At long last, Gaius Petreius Ruso and his companion, Tilla, are headed home-to Gaul. Having received a note consisting only of the words "COME HOME!" Ruso has (reluctantly, of course) pulled up stakes and brought Tilla to meet his family.
But the reception there is not what Ruso has hoped for: no one will admit to sending for him, and his brother Lucius is hoping he'll leave. With Tilla getting icy greetings from his relatives, Lucius' brother-in-law mysteriously drowned at sea, and the whole Ruso family being sued for bankruptcy, it's hard to imagine an unhappier reunion. That is, until Severus, the plaintiff in the bankruptcy suit, winds up dead, and the real trouble begins...
Engrossing, intricate, and-as always-wonderfully comic, Ruth Downie's latest is a brilliant new installment in this irresistible series. This is everything we've come to expect from our charming, luckless hero.
The third installment to Downie s Roman Empire series the second-century saga of a witty and courageous army surgeon, Gaius Ruso, and his smart and loyal lover, Tilla, a barbarian woman from Britannia continues in gripping fashion. Ruso returns to his family home in southern Gaul, summoned by a forged letter pleading for his immediate return. Once Ruso and Tilla return, Ruso is thrust into a dangerous quagmire involving a missing ship, huge family debts and, before long, the murder of the family s principal creditor a crafty phony named Severus who is poisoned in Ruso s home. While Ruso and his family are quickly suspected of the murder, Ruso and Tilla s attempts to solve the crime are hampered by interfering family members, a lying politician, a greedy banker and a pair of too-eager investigators sent from Rome. Ruso and Tilla must also deal with prejudice, envy and a new religion, Christianity. The plotting is clever and suspenseful, with subtle clues and lots of action, while the setting and supporting cast are vividly drawn. This is solid entertainment, nicely done.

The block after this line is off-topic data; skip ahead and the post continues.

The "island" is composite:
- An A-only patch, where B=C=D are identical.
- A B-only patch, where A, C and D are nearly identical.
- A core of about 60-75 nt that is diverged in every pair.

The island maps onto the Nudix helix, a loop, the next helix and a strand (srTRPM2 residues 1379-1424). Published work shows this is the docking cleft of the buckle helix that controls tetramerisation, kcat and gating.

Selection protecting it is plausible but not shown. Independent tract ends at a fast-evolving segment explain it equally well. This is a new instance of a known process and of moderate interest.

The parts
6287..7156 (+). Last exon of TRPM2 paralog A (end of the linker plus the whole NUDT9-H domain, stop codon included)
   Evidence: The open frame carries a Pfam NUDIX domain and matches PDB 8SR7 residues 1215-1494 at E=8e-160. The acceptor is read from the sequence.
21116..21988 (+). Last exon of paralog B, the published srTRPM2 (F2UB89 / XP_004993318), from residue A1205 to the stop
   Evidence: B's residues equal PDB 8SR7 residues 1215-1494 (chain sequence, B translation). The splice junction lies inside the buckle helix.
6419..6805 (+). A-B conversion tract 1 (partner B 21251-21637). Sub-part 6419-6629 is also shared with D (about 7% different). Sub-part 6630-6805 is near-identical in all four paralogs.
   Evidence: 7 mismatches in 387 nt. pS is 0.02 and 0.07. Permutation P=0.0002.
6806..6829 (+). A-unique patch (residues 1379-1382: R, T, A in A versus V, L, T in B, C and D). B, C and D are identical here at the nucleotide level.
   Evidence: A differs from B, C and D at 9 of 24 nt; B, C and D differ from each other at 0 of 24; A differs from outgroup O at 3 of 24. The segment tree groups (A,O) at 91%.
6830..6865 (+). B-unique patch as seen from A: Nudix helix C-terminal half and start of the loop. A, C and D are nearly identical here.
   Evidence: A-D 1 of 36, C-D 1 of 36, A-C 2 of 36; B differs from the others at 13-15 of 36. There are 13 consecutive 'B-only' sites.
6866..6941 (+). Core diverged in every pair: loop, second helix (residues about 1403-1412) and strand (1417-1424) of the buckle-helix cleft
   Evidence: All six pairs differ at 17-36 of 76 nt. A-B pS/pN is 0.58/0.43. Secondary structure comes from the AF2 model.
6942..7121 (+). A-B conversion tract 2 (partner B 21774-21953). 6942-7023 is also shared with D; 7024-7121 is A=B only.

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A charming series
Ruth Downie's series is clever and a joy to read. I've warmed to the two main protagonists and I find myself rooting them and hoping the achieve success and happiness.